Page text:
More than 2,500 insurance professionals in Oklahoma have completed a one-hour class on earthquake coverage, The Oklahoman’s Adam Wilmoth reports.
A new peer-reviewed paper published in the journal Science urges greater partnership between industry, government agencies and researchers in responding to the consequences of earthquakes triggered by oil and gas activity.
The paper, authored by the U.S. Geological Survey and other federal scientists, as well as state seismologists, including the Oklahoma Geological Survey’s Austin Holland, also endorsed more transparency:
For purposes of transparency and avoiding public distrust, it is important to put the results of these seismic network operations into the public domain in near real time. Even if a network is owned and operated by industry, regulators must ensure that seismic data are not withheld from the public.
and more public involvement: Continue Reading
Moving water from Canton Lake helped buoy Oklahoma City’s Lake Hefner in 2013. But water levels at Hefner are now at their lowest point since that withdrawal, and another would mean all but completely draining Canton.
When New York Gov. Andrew Cuomo announced a statewide ban on fracking in 2014, Oklahoma Rep. Casey Murdock took notice. After voters in the city of Denton, Texas — just 40 miles south of the Oklahoma state line — approved a fracking ban in the Nov. 4 election, the Republican representative from Felt took action.
Habitat loss and the use of herbicides to kill butterfly-preferred milkweed plants have caused the monarch butterfly population to drop by 90 percent over the last twenty years, according to the U.S. Fish and Wildlife Service.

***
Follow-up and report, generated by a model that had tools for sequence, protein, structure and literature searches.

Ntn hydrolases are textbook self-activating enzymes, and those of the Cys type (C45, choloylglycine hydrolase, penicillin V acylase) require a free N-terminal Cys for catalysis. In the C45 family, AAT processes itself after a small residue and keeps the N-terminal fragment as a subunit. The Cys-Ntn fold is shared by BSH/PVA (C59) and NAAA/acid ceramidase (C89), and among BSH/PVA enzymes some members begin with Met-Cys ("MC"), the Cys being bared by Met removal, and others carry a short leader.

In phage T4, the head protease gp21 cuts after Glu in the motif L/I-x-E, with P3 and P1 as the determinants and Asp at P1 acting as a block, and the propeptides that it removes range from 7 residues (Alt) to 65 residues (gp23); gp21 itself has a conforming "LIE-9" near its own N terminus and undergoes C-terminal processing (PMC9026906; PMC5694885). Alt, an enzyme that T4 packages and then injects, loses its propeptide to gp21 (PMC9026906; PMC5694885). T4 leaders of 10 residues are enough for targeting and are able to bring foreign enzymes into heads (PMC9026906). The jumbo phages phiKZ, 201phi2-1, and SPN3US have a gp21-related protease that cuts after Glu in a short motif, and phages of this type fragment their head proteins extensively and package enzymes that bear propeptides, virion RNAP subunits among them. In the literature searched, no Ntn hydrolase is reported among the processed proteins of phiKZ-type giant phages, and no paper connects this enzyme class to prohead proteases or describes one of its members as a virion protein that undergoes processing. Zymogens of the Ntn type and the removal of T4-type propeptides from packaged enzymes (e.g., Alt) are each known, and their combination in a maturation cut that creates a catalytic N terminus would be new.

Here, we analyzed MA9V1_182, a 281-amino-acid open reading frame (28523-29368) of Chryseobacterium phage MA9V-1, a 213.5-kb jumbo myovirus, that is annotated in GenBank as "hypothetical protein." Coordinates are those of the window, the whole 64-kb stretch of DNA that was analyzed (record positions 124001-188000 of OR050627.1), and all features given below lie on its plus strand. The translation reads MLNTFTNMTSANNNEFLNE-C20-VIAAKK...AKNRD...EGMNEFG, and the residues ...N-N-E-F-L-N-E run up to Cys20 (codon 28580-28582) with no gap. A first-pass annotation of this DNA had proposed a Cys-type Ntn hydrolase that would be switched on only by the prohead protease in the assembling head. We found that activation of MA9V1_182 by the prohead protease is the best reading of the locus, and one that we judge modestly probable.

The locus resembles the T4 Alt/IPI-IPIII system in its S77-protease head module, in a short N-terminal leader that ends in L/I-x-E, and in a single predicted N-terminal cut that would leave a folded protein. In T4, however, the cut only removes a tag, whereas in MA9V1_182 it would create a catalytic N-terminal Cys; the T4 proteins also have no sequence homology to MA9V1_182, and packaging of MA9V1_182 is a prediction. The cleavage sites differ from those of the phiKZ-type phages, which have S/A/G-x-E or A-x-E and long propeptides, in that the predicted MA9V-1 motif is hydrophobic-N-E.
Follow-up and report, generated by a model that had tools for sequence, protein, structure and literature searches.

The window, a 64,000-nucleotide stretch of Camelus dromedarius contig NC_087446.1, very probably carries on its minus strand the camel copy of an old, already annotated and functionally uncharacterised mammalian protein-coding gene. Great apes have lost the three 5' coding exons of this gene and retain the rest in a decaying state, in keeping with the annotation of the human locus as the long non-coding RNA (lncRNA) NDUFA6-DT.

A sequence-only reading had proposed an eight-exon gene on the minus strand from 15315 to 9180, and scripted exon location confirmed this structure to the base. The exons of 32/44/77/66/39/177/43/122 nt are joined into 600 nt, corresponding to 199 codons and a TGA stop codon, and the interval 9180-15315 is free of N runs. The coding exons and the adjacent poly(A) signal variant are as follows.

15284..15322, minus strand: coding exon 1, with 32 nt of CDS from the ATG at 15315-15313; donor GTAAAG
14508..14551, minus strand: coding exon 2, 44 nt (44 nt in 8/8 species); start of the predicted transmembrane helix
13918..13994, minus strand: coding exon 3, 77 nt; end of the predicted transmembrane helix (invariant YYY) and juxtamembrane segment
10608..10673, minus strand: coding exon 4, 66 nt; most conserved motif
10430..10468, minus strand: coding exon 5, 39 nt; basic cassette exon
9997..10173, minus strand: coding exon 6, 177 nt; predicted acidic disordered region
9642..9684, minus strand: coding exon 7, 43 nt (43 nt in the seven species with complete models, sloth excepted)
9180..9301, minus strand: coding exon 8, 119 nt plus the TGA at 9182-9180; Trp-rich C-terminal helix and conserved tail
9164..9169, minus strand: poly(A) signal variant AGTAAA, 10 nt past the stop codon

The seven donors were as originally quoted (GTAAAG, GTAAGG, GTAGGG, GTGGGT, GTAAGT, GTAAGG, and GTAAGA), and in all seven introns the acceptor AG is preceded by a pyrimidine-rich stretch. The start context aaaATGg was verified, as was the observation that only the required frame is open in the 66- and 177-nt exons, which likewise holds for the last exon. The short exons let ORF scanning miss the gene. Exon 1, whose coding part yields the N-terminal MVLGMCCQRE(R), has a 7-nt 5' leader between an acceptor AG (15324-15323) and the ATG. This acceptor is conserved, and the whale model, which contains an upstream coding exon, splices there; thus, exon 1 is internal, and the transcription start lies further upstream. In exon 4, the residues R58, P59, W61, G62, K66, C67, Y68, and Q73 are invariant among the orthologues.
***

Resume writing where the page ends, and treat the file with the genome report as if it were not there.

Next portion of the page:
Now, the race is on to save the monarchs through the newly announced National Fish and Wildlife Foundation Monarch Conservation Fund, a partnership with the U.S. Fish and Wildlife Service.
The campaign aimed at saving the monarchs will use public and private funds to grow milkweed. The wildlife service has pledged $2 million in immediate funding for on-the-ground conservation projects across the nation, according to a news release.
In Oklahoma, efforts to create more monarch habitats will be focused along the Interstate 35 corridor.
The daily occurrence of small earthquakes linked to oil and gas drilling in Oklahoma increases the likelihood of larger earthquakes, new research suggests.
“The chances are still small, but we know that from earthquakes the real potential for trouble is in those very unlikely large-magnitude earthquakes,” says geophysicist William Ellsworth of the U.S. Geological Survey, who, along with state and university scientists, presented findings to the American Association for the Advancement of Science at the group’s annual conference in San Jose, Calif.
The latest update of the U.S. Drought Monitor shows 98 percent of Oklahoma experiencing at least abnormally dry conditions. As has been the case for the past five years, the worst of the drought is being felt in western Oklahoma, while the abundant waters of the eastern half of the state remain relatively unscathed.
There’s a geographic divide in Oklahoma between those who have plenty of water and those who desperately need it. As State Sen. Josh Brecheen put in during an interview with StateImpact Feb. 9: Continue Reading
Oklahoma is facing a budget hole of more than $600 million dollars. And what looked like state agency cuts of 6.2 percent earlier this month, could double to around 12 percent to fill the gap.
To deal with the cut, the Tourism and Recreation Department is considering state park closures, and it wouldn’t be the first time. Continue Reading
“We’re still in a very preliminary process of this right now. These layoffs are just beginning to hit and we’re still trying to get an idea of the scope of what we’re dealing with here,” Oklahoma Employment Security Commission Carpenter tells reporter Dale Denwalt.
After 5 years of drought, Oklahoma’s dwindling water resources have the attention of state lawmakers. There are competing bills to study moving water from southeast Oklahoma to the Altus area, and to encourage self-sufficient, regionally based plans to meet future water needs.
Balancing the interests of Oklahomans who have plenty of water with those who desperately need it is a political fight, but not between Republicans and Democrats.